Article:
Geoffrey Owen Millar is one of those deep-thinking people who seems like he must have had the ideas of a 70-year-old when he was still padding around in diapers. Growing up in Northern New Mexico, a place he describes as "a crossroads of new-world and old, science and religion, man and God," Geoffrey remembers his schoolroom windows rattling, as science continued to move forward in a way that included explosions. His own playtime, of course, was spent in canyons, just feet above radioactive waste that had been buried after the development of the atom bomb. You know, just another day on the playground....
But as wacky as Geoffrey's childhood seems, it is this environment that spawned his very astute philosophy: What we see, we believe, yet what we perceive is but a fraction of a whole. And, as Geoffrey continues to explore said whole further, we New Yorkers are gifted with Geoffrey's incredible abstractions, which, in a way, are the incarnation of his search for meaning beyond the individual. Woahthat was, like, way existential.
Let's bring things down a notch by finding out a little more about the artist beyond just his art:
SCOUT: How would you describe your art to someone who’s never seen it?
GEOFFREY: My art usually involves abstraction, is often pattern-based and is sometimes geometric. My current work looks like Sci-Fi Mandalas, which, in my opinion, is great. Science fiction and Mandalas both give structure to worlds in the imagination and I like all of those things.
SCOUT: Yeah, I can see that. So, how did you get into painting in the first place?
GEOFFREY: I was a quiet kid and I grew up drawing, so I've always enjoyed looking [at the world around me]. You learn more by doing, though, so painting is a sort of exploration in understanding perception. Of course, the older I get, the crazier the world seems, so I always have more questions about the world and the meanings we attribute to it.
SCOUT: Is that what inspires your work? The world around you?
GEOFFREY: Nature inspires me. There's nothing more amazing than interacting with an animal in it's own world. They are beautifully alien and exquisitely similar to us at the same time. That dichotomy is wonderful.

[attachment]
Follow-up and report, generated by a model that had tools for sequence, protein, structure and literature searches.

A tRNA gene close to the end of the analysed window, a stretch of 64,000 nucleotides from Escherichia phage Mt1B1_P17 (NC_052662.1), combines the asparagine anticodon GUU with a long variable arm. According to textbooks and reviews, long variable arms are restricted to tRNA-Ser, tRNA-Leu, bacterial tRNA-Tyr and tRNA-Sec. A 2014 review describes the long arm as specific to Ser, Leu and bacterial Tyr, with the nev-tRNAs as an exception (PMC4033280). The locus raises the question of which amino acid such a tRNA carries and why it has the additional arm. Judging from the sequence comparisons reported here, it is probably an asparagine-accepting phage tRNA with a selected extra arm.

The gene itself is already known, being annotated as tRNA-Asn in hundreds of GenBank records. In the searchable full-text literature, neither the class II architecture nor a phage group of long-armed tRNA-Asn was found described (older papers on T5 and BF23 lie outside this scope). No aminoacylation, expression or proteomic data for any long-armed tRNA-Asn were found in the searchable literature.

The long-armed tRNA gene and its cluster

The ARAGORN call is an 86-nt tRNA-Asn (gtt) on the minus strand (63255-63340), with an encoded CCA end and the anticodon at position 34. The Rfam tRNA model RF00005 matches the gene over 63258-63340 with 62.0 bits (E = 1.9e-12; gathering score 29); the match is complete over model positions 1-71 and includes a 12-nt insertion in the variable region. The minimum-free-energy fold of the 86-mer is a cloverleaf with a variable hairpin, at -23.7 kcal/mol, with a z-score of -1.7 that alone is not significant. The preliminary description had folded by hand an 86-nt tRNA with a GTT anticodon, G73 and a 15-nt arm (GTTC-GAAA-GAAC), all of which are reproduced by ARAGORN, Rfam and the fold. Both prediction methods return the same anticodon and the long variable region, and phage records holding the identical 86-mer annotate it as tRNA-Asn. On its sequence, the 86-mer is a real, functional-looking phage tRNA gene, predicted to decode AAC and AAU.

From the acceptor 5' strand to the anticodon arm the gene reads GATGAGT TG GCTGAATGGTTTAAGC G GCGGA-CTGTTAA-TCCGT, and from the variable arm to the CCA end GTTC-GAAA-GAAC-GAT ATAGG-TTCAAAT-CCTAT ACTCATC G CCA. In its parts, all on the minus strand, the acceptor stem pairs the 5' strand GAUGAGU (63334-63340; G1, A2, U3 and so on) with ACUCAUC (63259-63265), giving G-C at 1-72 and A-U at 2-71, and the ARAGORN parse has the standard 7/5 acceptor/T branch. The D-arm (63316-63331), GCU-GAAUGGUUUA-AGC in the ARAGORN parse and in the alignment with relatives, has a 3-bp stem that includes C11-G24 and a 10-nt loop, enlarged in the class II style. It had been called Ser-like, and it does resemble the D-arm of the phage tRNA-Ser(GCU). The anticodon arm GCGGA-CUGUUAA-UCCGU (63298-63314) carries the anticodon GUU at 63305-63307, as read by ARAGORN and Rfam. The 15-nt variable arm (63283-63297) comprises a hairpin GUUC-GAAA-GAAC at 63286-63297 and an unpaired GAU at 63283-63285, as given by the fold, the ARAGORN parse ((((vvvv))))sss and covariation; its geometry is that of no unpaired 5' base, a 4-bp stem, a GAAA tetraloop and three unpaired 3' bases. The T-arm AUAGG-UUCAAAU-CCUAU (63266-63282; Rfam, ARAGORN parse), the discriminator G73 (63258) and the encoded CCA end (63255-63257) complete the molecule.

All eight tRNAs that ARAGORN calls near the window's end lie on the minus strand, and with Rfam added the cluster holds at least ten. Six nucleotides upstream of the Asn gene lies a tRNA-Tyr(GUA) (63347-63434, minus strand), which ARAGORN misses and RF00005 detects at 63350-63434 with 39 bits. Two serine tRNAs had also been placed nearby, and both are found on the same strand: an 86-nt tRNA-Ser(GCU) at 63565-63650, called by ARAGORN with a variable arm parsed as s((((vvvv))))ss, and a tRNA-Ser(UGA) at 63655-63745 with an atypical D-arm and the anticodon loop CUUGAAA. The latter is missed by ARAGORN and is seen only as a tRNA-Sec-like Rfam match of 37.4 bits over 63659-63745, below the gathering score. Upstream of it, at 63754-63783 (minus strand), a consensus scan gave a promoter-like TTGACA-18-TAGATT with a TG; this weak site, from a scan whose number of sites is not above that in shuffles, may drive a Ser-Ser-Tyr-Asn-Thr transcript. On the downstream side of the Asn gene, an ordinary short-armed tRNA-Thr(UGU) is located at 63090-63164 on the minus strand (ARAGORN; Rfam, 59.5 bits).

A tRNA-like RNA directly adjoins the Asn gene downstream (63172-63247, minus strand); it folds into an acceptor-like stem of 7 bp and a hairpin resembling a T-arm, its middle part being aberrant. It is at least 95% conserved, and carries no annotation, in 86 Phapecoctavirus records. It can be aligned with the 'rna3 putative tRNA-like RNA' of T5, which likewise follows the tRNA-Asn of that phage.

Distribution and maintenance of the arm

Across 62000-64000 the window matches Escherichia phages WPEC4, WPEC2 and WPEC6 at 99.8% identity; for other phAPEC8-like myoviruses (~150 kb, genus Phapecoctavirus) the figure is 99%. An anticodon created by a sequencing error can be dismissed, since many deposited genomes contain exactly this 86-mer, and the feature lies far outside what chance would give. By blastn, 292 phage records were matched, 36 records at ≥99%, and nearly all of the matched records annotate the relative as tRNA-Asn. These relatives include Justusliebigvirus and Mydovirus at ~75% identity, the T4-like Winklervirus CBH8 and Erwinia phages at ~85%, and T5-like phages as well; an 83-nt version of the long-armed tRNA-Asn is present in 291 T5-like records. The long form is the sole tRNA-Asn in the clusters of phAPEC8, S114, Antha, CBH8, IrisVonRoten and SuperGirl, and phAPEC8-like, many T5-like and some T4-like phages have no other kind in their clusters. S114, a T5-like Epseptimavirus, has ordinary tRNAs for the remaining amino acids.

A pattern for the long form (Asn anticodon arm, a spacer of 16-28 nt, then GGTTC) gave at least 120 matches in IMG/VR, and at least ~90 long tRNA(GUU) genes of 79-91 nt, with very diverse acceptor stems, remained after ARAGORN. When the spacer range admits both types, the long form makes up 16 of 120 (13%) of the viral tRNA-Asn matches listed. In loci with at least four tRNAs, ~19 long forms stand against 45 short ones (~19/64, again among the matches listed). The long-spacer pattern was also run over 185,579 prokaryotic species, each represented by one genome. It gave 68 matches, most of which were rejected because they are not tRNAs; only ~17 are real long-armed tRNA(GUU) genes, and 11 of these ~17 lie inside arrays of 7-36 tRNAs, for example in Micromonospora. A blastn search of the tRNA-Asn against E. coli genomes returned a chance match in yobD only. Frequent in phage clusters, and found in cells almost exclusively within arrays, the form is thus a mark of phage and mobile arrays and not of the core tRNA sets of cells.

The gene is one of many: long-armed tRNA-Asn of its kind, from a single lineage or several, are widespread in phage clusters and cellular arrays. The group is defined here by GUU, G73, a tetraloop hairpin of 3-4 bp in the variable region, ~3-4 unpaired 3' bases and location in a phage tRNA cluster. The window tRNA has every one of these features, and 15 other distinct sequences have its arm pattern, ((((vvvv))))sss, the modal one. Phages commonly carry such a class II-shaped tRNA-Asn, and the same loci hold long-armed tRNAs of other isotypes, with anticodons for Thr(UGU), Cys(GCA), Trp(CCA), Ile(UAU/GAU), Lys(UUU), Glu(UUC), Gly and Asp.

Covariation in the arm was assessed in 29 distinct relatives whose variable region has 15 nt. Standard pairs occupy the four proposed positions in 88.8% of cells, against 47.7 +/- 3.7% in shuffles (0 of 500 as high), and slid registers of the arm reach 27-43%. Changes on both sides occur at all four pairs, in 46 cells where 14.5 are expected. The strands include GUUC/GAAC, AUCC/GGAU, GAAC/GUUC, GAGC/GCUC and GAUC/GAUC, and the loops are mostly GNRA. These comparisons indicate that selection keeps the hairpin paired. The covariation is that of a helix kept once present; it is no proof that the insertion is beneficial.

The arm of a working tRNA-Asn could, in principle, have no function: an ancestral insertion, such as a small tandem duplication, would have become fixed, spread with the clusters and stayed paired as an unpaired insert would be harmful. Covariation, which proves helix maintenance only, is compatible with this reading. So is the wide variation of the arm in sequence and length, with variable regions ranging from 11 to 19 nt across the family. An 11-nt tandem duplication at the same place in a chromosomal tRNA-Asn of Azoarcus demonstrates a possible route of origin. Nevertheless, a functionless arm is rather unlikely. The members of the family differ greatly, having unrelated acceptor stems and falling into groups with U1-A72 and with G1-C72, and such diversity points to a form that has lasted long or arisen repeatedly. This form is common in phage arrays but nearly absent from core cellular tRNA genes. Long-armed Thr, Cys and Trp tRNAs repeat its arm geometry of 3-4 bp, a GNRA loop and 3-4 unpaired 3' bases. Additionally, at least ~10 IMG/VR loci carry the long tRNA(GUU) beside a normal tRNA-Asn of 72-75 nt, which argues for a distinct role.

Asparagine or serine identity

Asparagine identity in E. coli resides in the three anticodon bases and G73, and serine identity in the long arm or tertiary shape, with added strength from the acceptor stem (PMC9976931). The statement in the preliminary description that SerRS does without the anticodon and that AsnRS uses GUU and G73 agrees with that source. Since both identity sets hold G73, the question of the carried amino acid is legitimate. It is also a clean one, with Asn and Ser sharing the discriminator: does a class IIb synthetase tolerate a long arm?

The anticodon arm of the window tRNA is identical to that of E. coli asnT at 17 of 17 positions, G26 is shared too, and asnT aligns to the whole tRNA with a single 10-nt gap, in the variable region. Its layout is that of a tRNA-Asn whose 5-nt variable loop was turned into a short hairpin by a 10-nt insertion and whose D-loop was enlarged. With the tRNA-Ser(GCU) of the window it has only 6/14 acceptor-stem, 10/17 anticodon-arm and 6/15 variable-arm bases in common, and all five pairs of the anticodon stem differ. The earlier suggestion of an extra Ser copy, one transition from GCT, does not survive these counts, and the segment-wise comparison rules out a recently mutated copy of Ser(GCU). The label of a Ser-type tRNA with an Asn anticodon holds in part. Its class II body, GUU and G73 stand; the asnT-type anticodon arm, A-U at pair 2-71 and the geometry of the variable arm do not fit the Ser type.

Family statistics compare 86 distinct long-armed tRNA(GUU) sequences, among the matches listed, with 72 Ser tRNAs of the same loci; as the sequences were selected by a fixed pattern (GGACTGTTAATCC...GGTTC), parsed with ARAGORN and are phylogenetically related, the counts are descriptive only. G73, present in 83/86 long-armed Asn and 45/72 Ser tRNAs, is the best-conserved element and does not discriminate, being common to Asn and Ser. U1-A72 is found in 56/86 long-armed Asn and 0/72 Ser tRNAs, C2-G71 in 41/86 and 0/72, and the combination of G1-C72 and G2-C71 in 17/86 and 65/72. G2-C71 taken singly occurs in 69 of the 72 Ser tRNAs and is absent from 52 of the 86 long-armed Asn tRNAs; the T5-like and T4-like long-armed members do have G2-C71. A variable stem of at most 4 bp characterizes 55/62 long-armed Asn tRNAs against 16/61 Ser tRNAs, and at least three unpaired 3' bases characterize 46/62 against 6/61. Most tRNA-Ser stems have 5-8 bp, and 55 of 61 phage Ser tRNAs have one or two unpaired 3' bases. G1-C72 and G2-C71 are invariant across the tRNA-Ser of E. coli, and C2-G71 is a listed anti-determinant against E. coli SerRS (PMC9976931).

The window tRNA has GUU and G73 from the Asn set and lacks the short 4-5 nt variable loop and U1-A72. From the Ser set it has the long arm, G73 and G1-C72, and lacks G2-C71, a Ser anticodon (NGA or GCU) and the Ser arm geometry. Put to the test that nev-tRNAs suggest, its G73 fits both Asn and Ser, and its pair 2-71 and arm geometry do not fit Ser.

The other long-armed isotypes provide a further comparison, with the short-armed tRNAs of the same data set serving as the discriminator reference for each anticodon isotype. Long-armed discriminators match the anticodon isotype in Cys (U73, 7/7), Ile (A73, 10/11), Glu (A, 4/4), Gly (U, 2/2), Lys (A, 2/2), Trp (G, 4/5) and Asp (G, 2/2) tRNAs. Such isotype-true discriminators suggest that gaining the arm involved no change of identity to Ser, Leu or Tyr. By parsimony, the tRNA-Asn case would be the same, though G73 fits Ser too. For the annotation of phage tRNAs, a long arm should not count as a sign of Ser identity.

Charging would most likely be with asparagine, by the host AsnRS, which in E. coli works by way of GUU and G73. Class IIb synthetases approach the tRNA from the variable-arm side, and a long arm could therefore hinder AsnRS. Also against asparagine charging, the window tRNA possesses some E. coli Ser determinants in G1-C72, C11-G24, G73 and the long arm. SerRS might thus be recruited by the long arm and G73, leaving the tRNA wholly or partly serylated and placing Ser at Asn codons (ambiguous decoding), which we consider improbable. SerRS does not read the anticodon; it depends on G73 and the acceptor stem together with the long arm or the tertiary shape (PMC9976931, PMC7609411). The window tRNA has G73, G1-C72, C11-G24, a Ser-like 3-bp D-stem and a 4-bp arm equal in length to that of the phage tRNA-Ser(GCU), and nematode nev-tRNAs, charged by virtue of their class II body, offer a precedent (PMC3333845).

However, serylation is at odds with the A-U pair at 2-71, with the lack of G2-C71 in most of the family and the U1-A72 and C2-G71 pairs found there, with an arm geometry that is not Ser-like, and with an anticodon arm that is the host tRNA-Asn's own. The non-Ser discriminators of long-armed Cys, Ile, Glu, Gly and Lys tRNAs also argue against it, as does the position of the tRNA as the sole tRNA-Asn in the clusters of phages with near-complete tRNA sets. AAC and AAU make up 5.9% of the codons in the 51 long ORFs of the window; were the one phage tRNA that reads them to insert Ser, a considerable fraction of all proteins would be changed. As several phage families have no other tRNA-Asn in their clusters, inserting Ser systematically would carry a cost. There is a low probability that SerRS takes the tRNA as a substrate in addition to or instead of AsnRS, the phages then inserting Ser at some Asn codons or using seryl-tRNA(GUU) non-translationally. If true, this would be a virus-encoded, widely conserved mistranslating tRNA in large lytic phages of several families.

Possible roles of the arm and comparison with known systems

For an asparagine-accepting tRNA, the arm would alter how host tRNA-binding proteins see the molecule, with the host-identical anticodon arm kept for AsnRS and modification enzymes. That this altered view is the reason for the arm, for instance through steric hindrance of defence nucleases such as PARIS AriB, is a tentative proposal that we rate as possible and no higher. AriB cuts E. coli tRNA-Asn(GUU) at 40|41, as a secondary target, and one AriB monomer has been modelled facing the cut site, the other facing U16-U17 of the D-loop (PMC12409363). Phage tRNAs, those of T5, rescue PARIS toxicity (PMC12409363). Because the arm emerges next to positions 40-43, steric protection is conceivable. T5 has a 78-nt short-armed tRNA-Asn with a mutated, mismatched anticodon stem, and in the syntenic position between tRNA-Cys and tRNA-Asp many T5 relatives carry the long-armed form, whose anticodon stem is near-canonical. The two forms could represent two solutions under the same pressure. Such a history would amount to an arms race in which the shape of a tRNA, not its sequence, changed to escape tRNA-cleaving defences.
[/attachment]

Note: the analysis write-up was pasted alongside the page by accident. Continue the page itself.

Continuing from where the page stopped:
SCOUT: What’s a day in the life of Geoffrey Owen Miller like?
GEOFFREY: Living in New York (the privilege of renting a closet to sleep in and a basement to paint in), means I work almost constantly. When I'm not working for other people, I am fitting my own work into every last available nook and cranny of free time. Though one of the benefits of living in New York is being hired to build life-sized animals out of Lego bricks [and] sculpt floating, upside-down mountains, as well as work for the very artists I idealized in school.
SCOUT: It is one helluva life, isn't it? When you do manage to escape from work, where do you go to unwind?
GEOFFREY: My favorite place to unwind when I get the chance is a little social club on Kent Ave. in Brooklyn, [called Bklyn Rod & Gun], that has an Americana hootenanny every Sunday night. Sometimes I play music and sometimes I just listen. It's one of those magic places that you can only find by stumbling upon [it].
SCOUT: Well, that's awfully curious, if you ask me, but do you have another find that you find "curious" in New York?
GEOFFREY: The Rubin Museum of Art is a gem and it is one of the few places [where] I would suggest getting the guided tour. The history, culture and ideas behind their Tibetan art collection is really inspiring.
SCOUT: Finally, a shameless plug about your own inspiring art:
GEOFFREY: I have some little paintings, as well as some big paintings, up at Exit Art in Manhattan until April 30th. It's a really good group show about Geometric Abstractions and I'm proud to be showing with such a great group of people.